Watch Colorized 1940s Footage of London after the Blitz: Scenes from Trafalgar Square, Piccadilly Circus, Buckingham Palace & More

“Reg­u­lar fea­tures of the time: neat­ly swept-up piles of glass, lit­ter of stone and splin­ters of flint, smell of escap­ing gas, knots of sight­seers wait­ing at the cor­dons.”

– George Orwell

What was it like to live in Lon­don dur­ing and after the Blitz? George Orwell’s note­books from the time con­tain a “fas­ci­nat­ing account of every­day life in Lon­don dur­ing the Sec­ond World War,” full of jour­nal­is­tic detail, the British Library writes. In Orwell’s esti­ma­tion, the city was riv­en with class divides. “Despite his crit­i­cism of Stal­in­ism, Orwell remained a con­vinced social­ist all his life.” He believed the war could only be won if it turned into a rev­o­lu­tion. “When you see how the wealthy are still behav­ing, in what is man­i­fest­ly devel­op­ing into  a rev­o­lu­tion­ary war,” he wrote in a diary entry that would become the 1941 essay The Lion and the Uni­corn, “you think of St. Peters­burg in 1916.”

Orwell may have been wrong about the rev­o­lu­tion, but he report­ed hon­est­ly on much of what was hap­pen­ing in Lon­don. Mean­while, the Min­istry of Infor­ma­tion pro­duced a short pro­pa­gan­da film in 1940 for the Amer­i­can pub­lic called “Lon­don Can Take It.” The tone was in keep­ing with the “Keep Calm and Car­ry On” ethos we asso­ciate with Britain in the peri­od. A com­pan­ion film, “Britain Can Take It,” sim­i­lar­ly sold the “illu­sion of social uni­ty,” Craig Stew­art Hunter writes, “cre­at­ed by the use of films and oth­er media to por­tray pos­i­tive morale.” (View many more British WWII pro­pa­gan­da films here.) These did not account for “grow­ing dis­en­chant­ment in urban areas, which found them­selves ‘unable to take it,’ so to speak.”

Peter Watts writes in The Guardian about once-vibrant city blocks that were demol­ished by the fire­bomb­ing, then lat­er turned into park­ing garages. Many of these neigh­bor­hoods were then, in the 1960s, fold­ed into mas­sive estate hous­ing projects with “high-rise tow­ers nobody want­ed to live in,” says Peter Larkham, pro­fes­sor of plan­ning at Birm­ing­ham School of the Built Envi­ron­ment. Could Lon­don take it? It depend­ed on which Lon­don one meant, in the long run. But dur­ing the war itself, there was per­haps more social cohe­sion than Orwell was will­ing to grant, giv­en that some­thing like one in every six Lon­don­ers suf­fered home­less­ness dur­ing the bomb­ing cam­paign and over 40,000 civil­ians lost their lives.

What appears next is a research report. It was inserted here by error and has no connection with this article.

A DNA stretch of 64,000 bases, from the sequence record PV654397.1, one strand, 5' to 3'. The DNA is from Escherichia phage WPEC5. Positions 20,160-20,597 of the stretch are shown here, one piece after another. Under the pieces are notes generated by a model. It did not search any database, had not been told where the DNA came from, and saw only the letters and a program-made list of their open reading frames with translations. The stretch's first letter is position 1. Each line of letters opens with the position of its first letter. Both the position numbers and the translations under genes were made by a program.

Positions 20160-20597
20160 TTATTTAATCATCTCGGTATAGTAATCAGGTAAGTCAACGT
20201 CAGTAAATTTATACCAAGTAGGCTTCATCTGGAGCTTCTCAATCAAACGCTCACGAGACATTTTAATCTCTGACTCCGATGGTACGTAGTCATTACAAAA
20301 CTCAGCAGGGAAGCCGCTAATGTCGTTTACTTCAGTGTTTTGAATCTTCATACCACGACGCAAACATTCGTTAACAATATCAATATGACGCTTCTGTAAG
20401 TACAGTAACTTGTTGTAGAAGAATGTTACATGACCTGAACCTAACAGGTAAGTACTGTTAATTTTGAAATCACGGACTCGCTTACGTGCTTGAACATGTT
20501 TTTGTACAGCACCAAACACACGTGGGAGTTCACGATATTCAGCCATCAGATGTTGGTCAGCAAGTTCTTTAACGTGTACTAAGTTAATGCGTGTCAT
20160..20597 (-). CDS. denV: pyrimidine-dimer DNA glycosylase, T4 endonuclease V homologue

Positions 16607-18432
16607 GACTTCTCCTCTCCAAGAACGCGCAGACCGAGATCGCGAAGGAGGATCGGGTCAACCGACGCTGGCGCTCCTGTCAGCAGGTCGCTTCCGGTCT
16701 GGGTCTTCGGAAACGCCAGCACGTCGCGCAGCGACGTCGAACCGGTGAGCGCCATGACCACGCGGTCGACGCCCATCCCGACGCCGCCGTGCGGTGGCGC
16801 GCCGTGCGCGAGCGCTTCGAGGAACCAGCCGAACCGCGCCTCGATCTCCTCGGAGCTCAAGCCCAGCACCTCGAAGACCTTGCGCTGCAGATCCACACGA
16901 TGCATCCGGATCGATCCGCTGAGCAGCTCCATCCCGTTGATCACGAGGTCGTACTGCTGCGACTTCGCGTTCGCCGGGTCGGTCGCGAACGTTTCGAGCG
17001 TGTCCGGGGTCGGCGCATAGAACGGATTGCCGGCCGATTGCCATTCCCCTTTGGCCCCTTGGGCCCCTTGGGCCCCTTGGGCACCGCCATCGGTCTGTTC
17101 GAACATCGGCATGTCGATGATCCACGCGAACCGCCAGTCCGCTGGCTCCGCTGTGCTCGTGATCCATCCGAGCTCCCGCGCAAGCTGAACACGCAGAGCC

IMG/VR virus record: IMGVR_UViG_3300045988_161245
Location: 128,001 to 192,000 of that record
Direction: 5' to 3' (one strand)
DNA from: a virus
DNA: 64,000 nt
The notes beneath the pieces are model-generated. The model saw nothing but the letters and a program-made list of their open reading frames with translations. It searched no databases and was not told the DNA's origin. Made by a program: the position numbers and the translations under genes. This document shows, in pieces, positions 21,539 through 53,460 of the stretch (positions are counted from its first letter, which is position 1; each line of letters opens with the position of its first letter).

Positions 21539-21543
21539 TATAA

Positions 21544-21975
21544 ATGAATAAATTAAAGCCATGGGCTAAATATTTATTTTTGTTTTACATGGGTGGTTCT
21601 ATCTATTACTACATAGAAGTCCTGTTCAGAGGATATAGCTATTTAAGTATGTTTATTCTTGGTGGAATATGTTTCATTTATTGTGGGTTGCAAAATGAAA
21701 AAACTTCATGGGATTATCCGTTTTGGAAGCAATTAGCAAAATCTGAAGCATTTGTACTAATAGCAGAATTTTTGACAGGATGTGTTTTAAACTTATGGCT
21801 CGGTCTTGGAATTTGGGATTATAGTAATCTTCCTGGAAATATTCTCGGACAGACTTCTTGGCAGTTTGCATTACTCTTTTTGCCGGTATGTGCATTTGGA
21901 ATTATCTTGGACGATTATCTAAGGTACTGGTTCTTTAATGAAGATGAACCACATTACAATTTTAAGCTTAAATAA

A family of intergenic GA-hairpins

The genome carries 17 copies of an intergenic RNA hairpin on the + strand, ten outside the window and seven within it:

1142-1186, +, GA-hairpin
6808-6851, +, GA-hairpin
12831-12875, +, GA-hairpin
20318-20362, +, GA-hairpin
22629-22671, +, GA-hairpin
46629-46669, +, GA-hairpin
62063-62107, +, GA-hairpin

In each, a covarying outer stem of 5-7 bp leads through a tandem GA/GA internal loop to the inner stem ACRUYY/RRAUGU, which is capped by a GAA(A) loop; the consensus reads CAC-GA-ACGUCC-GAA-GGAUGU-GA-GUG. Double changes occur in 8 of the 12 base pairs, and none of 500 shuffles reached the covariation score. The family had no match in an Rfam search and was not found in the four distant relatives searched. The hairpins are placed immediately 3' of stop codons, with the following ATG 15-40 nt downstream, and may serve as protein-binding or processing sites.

The degree of Britain’s nation­al uni­ty dur­ing the war remains “a con­tin­u­ing his­to­ri­o­graph­i­cal debate,” writes Hunter, ever since” the gen­er­a­tion of his­to­ri­ans born after the war… have been able to write with more crit­i­cal detach­ment.” And since most every­one alive then is no longer, ideas about what it felt like to be in Lon­don dur­ing WWII will change as his­to­ri­ans view the source mate­r­i­al dif­fer­ent­ly over time.

But thanks to pho­tog­ra­phy and film from the peri­od, we’ll always have a fair­ly good idea of what Lon­don looked like dur­ing the war, though we’ll have to make do, until the AI “becomes more mature,” as the poster of the video com­pi­la­tion above notes, with infe­ri­or col­oriza­tion tech­niques. (Yes, they know, the bus­es should be red.)

The var­i­ous scenes have been motion-sta­bi­lized, slight­ly speed-cor­rect­ed, enhanced and col­orized by means of sophis­ti­cat­ed Arti­fi­cial Intel­li­gence soft­ware. 

The film shows remark­able scenes of bomb dam­age, close up film­ing of the release of bar­rage bal­loons, anti-air­craft gun posi­tions, traf­fic at Trafal­gar Square, Pic­cadil­ly Cir­cus, mil­i­tary parades in front of Buck­ing­ham Palace, beau­ti­ful scenes of the Thames dur­ing day­time and at dusk, Water­loo Sta­tion, and much more.

Most of the film dates from late 1943, but some of the footage of Water­loo sta­tion and Pic­cadil­ly Cir­cus comes from the late 1930s and it ends with a minute of VE day on 8 May 1945. All of the footage comes from the Prelinger Archives. Can we see nation­al uni­ty in the crowds of peo­ple going about their busi­ness amidst a city full of arma­ments and rub­ble? Is it vis­i­ble to the naked eye? See time­stamped descrip­tions of the loca­tion and action in each clip at the video’s YouTube page here.

Relat­ed Con­tent: 

WWII Britain Revis­it­ed in 120 Short Films, Now Free on the Web

Dra­mat­ic Col­or Footage Shows a Bombed-Out Berlin a Month After Germany’s WWII Defeat (1945)

How to Behave in a British Pub: A World War II Train­ing Film from 1943, Fea­tur­ing Burgess Mered­ith

The Old­est Known Footage of Lon­don (1890–1920) Fea­tures the City’s Great Land­marks

How the Fences & Rail­ings Adorn­ing London’s Build­ings Dou­bled (by Design) as Civil­ian Stretch­ers in World War II

Josh Jones is a writer and musi­cian based in Durham, NC. Fol­low him at @jdmagness

by | Permalink | Comments (1) |

Sup­port Open Cul­ture

We’re hop­ing to rely on our loy­al read­ers rather than errat­ic ads. To sup­port Open Cul­ture’s edu­ca­tion­al mis­sion, please con­sid­er mak­ing a dona­tion. We accept Pay­Pal, Ven­mo (@openculture), Patre­on and Cryp­to! Please find all options here. We thank you!

Comments (1)
You can skip to the end and leave a response. Pinging is currently not allowed.
  • Mark william Joseph says:

    Thia is amaz­ing.

    Thank you.

    I must point out that a part of the footage from about 11:30 onward is not from the war years, but well before. Eros is still in situ, no black out mark­ings and the clothes, bus­es and vehi­cles are very ear­ly 30s.

Leave a Reply

Open Culture was founded by Dan Colman.